Michigan State University Extension
Preserving Food Safely - 01600601


     Because   both  acid  and  heat  are   destructive   to
chlorophyll,  a  bright green color is not to be expected in
pickles.   During pickling, the magnesium atom in the center
of  the  chlorophyll molecule is replaced  by  two  hydrogen
atoms    to form pheophytin,  an olive green pigment.  While
the olive green color of pickles is not as attractive as the
natural  green color,  it is  accepted as characteristic  of

     If   copper  replaces  magnesium  in  the   chlorophyll
molecule,   the  pigment  takes  on  a  vivid  green  color.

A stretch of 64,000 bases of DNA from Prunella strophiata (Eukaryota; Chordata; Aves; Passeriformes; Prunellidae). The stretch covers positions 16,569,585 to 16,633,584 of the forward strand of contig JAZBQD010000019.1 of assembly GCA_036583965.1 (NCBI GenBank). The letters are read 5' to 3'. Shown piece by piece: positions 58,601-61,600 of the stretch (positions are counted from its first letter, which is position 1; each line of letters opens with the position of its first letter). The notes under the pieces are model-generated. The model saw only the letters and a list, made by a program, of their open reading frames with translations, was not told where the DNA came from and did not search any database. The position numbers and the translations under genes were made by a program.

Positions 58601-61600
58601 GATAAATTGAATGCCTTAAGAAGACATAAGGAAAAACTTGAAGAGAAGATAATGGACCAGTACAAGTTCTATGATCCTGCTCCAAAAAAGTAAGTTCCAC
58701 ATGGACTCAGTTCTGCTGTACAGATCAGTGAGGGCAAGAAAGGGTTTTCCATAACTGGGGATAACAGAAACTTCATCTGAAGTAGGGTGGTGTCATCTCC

Formerly  copper  kettles were used for cooking  pickles  in
order to impart a bright green color,  but  this practice is
not recommended.  Some old-fashioned pickle recipes call for
using  a  "blue  stone"--namely copper sulfate-- to give the
pickles a bright green  color.    We  do not  recommend this
practice  because copper  can  be  toxic if present in large
enough quantities.                                          

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